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John G. Piper and Arnold H. Menezes

T he management of spinal tumors has undergone tremendous evolution in the last decade. Key factors have included improved anatomical definition provided by new imaging techniques and the development of spinal instrumentation that permits radical tumor resection while maintaining spinal stability. 10, 29, 30, 34 However, because of their rarity and complex biomechanical properties, the management of craniovertebral junction tumors remains unclear. This is particularly true of the axis vertebra, in which reported surgical interventions have been limited to

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Atul Goel

The basic surgical steps in the Goel technique of atlantoaxial fixation involve exposure of the atlantoaxial articulation, denuding of the articular cartilage, stuffing of bone graft pieces within the articular cavity, and subsequent instrumentation.

“High-riding” vertebral artery in relationship to the pedicle-facet of C2 has been widely recognized to be a factor that makes insertion of the C2 pedicle-facet screw difficult or impossible. In this video, a technique of exposure and mobilization of the high-riding vertebral artery to permit safe C2 screw insertion is shown. An alternative option in the presence of such a high-riding vertebral artery is to use either C2 laminar or inferior facetal screw insertion.

The video can be found here:

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Sui-To Wong, John Zovickian, Yongjin Hou, Chris Sonne and Dachling Pang

The authors report the first case of unilateral traumatic rupture of the C-2 neurocentral synchondrosis. A 26-month-old child was in a vehicular collision that caused his head to be rotated sharply to the left with the neck flexed. He had severe neck pain but was neurologically normal. Computerized tomography scanning showed rupture of the left C-2 neurocentral synchondrosis, a right C-2 pars interarticularis fracture, and anterior angulation of C-2 on C-3. The neck injury was unrecognized until postinjury Day 9 when an MRI study showed a tear of the posterior longitudinal ligament at C2–3 and separation of the C-2 body from the inferior anular epiphysis. A second CT showed widening of the synchondrosis fracture, increased angulation of C-2 on C-3, and distraction of the right C-2 pars fracture. The mechanism of the neurocentral synchondrosis fracture is thought to be hyperflexion-axial loading combined with leftward rotation, which provided the lateral force that overcame the cartilaginous synchondrosis and extruded the lateral mass. The patient underwent open reduction and posterior fusion of C1–3, and was maintained in a halo jacket for 4 months, when CT scans demonstrated solid C1–C3 fusion and ossification of the injured synchondrosis. Unilateral traumatic rupture of the C-2 neurocentral synchondrosis is one component of several injuries involving C-2 sustained before synchondrosis closure. The resulting C2–3 relationship is highly unstable. Reduction and C1–C3 fusion are necessary in patients with significant displacement of the adjacent bony units.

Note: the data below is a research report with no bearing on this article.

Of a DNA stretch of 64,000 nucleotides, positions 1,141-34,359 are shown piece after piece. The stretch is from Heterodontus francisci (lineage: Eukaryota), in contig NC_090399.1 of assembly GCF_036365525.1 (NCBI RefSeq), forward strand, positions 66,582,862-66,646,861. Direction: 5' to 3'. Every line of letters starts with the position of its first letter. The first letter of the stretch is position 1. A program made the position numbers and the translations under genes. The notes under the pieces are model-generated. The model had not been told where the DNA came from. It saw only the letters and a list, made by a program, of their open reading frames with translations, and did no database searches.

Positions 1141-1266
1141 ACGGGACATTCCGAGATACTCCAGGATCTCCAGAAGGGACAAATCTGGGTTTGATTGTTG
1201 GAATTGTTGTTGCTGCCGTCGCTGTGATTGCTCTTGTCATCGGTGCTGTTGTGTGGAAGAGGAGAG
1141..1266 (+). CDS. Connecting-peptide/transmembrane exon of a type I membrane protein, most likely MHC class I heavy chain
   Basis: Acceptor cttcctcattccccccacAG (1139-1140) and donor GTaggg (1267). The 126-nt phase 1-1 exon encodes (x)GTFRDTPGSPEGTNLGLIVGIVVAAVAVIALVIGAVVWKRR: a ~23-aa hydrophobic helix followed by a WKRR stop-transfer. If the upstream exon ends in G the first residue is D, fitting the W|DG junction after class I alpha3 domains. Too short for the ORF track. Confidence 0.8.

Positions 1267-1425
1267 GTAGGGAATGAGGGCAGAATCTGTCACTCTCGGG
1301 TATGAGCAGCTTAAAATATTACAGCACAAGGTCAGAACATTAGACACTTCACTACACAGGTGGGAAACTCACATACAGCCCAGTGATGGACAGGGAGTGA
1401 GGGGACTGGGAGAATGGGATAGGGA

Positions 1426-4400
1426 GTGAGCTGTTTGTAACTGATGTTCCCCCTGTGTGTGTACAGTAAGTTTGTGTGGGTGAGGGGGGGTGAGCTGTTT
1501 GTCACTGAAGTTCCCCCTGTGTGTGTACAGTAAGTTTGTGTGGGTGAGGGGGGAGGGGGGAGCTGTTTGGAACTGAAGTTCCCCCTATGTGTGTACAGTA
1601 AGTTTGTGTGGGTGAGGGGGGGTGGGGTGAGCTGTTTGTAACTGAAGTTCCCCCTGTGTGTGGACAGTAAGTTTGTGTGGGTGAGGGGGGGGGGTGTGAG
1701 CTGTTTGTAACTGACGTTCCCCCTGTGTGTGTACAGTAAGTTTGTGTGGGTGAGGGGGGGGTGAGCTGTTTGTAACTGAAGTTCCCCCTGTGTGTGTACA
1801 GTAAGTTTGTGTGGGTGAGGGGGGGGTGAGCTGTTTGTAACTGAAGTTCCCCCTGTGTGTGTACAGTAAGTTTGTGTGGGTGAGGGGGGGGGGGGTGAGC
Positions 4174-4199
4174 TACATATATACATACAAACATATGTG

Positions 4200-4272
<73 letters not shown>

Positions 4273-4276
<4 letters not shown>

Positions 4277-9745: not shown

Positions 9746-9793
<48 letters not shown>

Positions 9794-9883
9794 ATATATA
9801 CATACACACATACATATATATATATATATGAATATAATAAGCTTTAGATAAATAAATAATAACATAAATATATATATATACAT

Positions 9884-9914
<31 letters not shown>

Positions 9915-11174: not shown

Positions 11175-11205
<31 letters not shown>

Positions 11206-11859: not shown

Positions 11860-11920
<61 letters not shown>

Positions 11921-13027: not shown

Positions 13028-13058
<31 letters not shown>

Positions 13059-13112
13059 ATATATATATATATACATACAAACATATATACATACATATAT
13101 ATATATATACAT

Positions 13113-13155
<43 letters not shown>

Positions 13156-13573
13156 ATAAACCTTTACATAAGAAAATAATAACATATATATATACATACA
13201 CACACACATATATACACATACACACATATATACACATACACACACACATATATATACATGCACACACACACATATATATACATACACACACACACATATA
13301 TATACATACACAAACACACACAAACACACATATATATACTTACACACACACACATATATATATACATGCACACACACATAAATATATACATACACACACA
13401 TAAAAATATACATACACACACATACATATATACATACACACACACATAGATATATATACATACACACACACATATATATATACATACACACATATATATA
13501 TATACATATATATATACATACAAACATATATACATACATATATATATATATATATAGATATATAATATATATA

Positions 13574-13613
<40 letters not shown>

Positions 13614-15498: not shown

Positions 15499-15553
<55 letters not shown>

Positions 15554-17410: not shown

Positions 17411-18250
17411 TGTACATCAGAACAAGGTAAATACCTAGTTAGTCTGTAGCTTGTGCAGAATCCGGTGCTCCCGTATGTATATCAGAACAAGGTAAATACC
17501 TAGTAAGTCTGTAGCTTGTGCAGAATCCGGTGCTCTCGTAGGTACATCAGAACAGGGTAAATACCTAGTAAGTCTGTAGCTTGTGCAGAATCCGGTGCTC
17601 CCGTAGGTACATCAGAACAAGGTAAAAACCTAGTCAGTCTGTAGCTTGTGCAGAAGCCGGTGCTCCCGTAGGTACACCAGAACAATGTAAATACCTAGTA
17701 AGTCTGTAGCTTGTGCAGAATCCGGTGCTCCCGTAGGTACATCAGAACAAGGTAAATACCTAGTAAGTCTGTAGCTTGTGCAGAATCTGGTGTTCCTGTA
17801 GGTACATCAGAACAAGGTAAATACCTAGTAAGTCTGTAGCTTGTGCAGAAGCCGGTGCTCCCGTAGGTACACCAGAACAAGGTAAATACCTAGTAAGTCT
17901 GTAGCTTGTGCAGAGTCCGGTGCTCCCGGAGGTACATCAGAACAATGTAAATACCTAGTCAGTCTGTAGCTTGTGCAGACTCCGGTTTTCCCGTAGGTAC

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Panya Luksanapruksa, Jacob M. Buchowski, Neill M. Wright, Frank H. Valone III, Colleen Peters and David B. Bumpass

. Postoperative radiographs ( C ) demonstrate posterior occipitocervical stabilization using an occipital plate and lateral mass screws. TABLE 1. Summary of clinical results among 15 patients with metastasis at the axis vertebra Variable Results Sex (%)  Male 10 (66.67)  Female 5 (33.33) Average age in yrs (range) 64.8 ± 11.8 (48–80) Average CCI (range) 9.73 ± 1.57 (7–12) Primary site (%)  Breast 4 (26.67)  Lung 4 (26.67)  Bladder 2 (13.33)  Myeloma 2 (13.33)  Melanoma 2 (13.33)  Renal cell carcinoma 1 (6.67) Average op time in mins (range) 215.2 ± 57.2 (120–324) Average blood